In this NCTalks podcast we speak to Jeffrey Cohen, Director of the Cleveland Clinic’s Mellen Center for Multiple Sclerosis Treatment and Research (OH, USA). Dr Cohen has a large clinical practice and is also Director of Experimental Therapeutics program and is involved in a number of clinical trials. Today, Dr Cohen discusses the use of bone marrow transplantation as a treatment option for relapsing–remitting multiple sclerosis (MS), the subject of a Hot Topics discussion at ECTRIMS 2016 (London, UK, 14–17 September 2016). Is the technique a good option for patients? How could it be improved? What does the future of MS treatment look like? Listen to our podcast to find out Dr Cohen’s opinions on these key issues and more.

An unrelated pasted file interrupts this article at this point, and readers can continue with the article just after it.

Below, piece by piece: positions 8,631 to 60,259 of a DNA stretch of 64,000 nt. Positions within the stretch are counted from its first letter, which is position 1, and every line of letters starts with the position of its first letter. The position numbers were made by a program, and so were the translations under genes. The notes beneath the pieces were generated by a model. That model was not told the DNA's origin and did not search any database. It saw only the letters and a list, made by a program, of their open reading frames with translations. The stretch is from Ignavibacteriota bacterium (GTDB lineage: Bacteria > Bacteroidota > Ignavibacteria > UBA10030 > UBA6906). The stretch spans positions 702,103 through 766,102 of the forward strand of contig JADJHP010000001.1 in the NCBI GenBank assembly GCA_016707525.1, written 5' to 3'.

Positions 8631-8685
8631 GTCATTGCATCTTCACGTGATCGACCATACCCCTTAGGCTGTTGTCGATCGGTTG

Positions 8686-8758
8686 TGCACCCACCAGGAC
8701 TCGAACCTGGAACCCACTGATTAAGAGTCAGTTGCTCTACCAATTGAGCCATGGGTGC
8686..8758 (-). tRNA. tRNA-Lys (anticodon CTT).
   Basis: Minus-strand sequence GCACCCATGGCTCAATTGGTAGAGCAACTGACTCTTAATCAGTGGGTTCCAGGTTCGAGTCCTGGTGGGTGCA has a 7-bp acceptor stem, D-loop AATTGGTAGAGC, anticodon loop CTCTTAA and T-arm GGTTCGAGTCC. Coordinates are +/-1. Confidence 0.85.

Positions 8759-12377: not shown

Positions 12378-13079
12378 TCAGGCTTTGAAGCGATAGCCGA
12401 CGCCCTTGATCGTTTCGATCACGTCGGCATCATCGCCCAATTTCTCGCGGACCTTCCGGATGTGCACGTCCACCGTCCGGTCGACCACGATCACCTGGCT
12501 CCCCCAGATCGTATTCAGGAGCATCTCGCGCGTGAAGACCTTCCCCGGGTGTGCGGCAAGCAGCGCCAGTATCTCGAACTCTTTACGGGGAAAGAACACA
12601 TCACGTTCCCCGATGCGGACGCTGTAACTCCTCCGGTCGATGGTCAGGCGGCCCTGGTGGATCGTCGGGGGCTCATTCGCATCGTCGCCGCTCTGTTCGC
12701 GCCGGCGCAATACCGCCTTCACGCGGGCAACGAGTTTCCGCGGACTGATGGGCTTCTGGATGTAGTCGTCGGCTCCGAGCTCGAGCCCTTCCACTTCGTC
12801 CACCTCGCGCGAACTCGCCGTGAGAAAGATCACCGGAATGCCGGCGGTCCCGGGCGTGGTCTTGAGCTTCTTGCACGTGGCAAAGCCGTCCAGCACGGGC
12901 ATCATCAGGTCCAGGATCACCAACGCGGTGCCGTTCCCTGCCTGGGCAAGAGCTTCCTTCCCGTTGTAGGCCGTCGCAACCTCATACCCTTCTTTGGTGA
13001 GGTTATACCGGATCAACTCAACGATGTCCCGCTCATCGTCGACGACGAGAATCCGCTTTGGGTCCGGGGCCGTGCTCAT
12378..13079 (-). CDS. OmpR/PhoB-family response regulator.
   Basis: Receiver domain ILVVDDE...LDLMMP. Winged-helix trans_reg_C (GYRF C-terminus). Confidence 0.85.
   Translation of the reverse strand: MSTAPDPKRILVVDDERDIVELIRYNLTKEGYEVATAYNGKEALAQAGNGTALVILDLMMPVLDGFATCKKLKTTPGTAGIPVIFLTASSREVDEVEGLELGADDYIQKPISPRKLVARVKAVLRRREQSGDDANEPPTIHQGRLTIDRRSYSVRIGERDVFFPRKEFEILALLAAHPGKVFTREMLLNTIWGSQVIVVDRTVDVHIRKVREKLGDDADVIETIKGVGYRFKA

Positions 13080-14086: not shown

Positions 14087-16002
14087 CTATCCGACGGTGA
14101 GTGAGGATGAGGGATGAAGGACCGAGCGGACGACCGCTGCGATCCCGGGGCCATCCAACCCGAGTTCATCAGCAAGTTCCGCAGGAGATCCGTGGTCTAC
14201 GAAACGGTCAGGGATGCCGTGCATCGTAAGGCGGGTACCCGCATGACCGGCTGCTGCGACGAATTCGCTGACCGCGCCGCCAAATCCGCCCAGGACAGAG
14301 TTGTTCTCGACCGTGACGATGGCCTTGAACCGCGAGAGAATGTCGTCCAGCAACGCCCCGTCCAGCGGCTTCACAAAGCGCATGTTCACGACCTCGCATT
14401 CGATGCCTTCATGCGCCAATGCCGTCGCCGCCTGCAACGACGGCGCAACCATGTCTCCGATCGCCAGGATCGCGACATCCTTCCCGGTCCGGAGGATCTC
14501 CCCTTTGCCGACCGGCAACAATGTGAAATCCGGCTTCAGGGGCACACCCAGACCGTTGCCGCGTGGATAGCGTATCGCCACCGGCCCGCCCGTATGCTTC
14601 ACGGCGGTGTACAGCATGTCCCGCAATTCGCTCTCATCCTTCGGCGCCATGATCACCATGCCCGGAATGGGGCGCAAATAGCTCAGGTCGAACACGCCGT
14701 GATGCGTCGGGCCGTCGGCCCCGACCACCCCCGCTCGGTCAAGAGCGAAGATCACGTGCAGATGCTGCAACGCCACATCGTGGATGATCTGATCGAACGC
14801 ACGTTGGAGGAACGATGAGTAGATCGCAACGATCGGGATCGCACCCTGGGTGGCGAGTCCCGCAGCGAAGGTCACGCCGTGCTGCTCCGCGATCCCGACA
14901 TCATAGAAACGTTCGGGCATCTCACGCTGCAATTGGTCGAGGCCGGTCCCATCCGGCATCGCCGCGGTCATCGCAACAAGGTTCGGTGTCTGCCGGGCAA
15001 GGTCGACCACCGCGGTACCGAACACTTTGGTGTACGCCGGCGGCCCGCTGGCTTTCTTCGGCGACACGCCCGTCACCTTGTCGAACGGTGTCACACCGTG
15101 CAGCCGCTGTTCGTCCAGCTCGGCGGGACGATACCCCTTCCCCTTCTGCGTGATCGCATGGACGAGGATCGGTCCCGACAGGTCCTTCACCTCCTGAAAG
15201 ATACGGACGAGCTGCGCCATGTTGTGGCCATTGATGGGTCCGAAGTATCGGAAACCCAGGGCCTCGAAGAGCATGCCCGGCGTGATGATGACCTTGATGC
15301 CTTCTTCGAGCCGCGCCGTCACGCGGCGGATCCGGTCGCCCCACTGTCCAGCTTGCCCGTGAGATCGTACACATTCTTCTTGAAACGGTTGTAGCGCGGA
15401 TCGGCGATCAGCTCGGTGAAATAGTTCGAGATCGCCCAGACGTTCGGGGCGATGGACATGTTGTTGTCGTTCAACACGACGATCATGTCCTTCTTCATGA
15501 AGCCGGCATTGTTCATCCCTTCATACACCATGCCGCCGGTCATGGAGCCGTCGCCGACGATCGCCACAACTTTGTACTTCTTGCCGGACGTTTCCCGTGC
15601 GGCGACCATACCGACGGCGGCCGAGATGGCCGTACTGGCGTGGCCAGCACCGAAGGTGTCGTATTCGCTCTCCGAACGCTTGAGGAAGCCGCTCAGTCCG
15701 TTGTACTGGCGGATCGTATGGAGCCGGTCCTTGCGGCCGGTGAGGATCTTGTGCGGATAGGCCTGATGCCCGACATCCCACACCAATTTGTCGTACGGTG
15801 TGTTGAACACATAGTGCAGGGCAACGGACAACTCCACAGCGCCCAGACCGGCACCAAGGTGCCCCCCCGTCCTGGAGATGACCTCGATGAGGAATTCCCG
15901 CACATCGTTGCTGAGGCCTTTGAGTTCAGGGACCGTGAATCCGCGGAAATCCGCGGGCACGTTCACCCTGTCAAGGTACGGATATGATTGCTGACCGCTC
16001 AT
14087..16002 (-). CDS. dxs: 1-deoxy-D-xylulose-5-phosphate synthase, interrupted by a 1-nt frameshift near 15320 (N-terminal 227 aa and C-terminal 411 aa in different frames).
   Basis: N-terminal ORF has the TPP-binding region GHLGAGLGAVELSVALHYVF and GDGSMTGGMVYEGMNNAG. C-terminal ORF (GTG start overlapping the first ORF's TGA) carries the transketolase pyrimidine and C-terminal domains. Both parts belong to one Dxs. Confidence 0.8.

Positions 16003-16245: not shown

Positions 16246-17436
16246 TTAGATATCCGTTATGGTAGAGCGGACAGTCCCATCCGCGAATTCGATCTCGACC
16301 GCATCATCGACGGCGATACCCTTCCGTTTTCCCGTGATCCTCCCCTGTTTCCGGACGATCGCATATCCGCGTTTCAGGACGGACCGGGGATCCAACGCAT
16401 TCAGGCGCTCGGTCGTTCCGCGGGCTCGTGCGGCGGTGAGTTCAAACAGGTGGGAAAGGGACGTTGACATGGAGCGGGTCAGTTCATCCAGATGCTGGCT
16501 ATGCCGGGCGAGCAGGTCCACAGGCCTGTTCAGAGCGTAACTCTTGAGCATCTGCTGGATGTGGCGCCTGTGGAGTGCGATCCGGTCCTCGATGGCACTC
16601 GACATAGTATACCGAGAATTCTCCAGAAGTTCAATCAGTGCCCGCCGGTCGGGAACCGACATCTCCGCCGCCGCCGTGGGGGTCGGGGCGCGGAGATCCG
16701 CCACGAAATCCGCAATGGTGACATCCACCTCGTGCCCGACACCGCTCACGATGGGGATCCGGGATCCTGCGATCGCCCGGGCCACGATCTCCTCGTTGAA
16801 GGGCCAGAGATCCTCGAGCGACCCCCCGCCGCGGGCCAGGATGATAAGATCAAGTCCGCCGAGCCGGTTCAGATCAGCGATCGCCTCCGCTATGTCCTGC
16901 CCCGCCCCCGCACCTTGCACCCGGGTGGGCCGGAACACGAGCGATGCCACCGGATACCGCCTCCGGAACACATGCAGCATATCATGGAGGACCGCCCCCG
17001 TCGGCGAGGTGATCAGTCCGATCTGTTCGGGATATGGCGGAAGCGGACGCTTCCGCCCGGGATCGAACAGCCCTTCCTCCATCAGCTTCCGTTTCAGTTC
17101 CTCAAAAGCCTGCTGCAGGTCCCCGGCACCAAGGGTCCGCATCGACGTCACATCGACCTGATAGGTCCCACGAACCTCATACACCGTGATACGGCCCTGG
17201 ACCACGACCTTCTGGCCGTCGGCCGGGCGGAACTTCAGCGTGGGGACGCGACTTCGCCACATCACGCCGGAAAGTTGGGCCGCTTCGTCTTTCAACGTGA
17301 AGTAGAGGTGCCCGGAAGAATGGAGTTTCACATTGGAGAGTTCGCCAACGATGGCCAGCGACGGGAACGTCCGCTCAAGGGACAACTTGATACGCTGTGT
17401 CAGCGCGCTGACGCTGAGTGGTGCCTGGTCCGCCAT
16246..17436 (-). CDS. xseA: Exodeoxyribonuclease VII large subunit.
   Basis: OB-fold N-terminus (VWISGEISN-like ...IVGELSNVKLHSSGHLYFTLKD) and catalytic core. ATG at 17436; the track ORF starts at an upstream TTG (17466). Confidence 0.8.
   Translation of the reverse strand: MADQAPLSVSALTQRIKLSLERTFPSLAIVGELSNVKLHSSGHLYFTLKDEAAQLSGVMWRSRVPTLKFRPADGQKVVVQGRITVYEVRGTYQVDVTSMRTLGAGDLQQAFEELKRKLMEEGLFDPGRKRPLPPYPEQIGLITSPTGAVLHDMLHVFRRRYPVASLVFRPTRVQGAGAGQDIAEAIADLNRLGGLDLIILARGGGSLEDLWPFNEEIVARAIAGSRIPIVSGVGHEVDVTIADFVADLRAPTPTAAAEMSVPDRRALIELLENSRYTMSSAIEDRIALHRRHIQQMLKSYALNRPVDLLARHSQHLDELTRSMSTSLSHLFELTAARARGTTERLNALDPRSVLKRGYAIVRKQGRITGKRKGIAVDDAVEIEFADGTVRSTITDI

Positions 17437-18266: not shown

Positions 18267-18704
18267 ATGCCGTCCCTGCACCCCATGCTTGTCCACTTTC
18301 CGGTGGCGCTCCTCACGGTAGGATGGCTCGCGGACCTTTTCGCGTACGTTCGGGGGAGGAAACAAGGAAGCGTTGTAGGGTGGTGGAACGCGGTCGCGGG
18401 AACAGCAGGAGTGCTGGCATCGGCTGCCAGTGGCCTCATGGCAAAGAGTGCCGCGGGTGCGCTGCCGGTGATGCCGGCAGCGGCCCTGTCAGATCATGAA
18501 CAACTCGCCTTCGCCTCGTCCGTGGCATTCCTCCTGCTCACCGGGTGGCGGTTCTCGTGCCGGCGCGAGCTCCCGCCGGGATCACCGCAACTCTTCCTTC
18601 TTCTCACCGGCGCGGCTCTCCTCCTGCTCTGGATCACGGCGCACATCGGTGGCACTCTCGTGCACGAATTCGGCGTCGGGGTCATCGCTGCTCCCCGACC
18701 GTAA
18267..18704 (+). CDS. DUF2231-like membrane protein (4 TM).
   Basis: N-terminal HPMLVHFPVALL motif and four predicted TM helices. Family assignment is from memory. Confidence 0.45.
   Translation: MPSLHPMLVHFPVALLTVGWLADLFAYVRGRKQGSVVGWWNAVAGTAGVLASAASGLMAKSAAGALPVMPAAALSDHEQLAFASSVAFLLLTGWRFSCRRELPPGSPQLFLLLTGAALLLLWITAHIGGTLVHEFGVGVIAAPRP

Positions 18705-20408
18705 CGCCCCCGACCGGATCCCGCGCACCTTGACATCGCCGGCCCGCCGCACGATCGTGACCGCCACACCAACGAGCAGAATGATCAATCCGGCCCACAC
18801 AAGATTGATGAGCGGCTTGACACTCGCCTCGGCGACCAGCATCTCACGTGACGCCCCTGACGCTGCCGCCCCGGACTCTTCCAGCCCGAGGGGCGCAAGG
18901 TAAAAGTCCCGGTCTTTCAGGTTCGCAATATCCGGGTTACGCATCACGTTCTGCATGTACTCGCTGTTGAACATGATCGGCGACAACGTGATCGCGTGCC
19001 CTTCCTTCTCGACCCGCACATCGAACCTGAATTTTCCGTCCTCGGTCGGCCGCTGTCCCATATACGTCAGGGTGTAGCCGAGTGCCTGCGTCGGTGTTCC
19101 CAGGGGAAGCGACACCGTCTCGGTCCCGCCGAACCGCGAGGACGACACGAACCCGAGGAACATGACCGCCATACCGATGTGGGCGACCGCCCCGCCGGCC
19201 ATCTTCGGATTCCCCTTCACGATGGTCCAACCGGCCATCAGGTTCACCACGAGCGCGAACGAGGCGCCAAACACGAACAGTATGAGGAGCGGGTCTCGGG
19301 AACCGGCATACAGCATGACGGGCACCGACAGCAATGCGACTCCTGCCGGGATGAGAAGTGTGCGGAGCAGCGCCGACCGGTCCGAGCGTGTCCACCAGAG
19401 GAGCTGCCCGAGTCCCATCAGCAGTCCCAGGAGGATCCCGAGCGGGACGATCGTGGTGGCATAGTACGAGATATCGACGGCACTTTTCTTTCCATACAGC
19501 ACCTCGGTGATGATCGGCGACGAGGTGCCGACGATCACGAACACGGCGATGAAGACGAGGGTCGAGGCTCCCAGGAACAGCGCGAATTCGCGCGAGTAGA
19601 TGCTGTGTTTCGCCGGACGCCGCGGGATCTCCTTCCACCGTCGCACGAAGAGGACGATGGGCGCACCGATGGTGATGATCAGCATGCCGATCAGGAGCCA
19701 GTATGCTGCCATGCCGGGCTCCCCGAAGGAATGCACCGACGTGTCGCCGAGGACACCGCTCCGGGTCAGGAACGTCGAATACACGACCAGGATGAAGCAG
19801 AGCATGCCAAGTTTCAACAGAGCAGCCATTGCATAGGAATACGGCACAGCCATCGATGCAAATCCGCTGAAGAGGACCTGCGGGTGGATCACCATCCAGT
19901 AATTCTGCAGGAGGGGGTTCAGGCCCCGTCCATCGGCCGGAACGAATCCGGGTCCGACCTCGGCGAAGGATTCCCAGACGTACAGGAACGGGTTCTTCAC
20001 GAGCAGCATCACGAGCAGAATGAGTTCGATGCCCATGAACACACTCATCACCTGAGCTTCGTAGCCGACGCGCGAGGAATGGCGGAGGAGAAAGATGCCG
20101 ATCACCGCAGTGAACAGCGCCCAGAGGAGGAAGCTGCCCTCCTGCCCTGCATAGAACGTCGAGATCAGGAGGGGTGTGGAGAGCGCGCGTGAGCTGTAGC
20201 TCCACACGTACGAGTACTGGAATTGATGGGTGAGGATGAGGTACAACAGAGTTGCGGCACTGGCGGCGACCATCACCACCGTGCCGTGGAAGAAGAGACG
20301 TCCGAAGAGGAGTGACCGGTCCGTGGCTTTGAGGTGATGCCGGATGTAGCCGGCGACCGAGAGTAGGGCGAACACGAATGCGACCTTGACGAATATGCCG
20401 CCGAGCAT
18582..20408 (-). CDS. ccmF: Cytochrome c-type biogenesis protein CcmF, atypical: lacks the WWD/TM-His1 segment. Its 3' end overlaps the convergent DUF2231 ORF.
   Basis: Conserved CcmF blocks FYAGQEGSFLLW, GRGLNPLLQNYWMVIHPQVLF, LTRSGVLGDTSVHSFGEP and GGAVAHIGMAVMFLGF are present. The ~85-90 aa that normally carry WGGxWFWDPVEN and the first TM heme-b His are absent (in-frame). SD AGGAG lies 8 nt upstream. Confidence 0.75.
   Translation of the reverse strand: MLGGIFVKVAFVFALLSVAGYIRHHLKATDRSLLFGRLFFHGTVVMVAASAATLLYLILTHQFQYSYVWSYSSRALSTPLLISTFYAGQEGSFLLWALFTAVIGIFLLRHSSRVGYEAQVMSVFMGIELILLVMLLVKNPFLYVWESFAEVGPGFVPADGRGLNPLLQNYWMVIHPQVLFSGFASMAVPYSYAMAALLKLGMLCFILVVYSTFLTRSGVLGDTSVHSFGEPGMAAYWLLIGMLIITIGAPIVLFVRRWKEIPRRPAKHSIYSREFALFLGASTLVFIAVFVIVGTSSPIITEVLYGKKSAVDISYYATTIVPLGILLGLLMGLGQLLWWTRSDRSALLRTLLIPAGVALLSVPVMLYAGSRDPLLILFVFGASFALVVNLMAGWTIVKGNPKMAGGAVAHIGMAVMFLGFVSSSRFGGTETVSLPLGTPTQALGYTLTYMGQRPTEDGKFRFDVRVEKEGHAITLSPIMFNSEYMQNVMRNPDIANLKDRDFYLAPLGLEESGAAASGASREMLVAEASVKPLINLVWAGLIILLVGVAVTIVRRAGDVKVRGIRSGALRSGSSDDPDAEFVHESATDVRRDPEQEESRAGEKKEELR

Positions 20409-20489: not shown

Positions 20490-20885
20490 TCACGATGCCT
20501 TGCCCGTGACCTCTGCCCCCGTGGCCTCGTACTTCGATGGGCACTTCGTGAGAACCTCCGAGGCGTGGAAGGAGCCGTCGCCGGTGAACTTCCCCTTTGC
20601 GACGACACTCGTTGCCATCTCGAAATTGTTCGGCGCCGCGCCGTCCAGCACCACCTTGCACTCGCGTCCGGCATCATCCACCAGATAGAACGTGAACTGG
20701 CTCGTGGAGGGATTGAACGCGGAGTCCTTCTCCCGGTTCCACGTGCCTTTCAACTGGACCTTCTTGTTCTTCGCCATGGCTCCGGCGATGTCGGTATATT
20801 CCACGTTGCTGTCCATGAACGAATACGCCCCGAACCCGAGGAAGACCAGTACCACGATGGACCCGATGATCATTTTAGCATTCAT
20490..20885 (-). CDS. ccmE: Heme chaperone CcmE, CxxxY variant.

00.38 First, please could you tell us a little about your background and current research and clinical focuses?
01.13 You were recently involved in a Hot Topics discussion at ECTRIMS 2016 on the use of bone marrow transplantation as a treatment for active relapsing remitting MS – could you give an overview of what this treatment involves?
02.20 What support is there for this as a treatment for relapsing remitting MS? For which patients is it best suited?
03.21 What are the main arguments against the use of bone marrow transplantation?
04.51 Do you think it is likely that the treatment could be refined and its success rate improved in the next 5–10 years?
05.35 More broadly, what do you see as the most promising area/s of development for treatments for MS?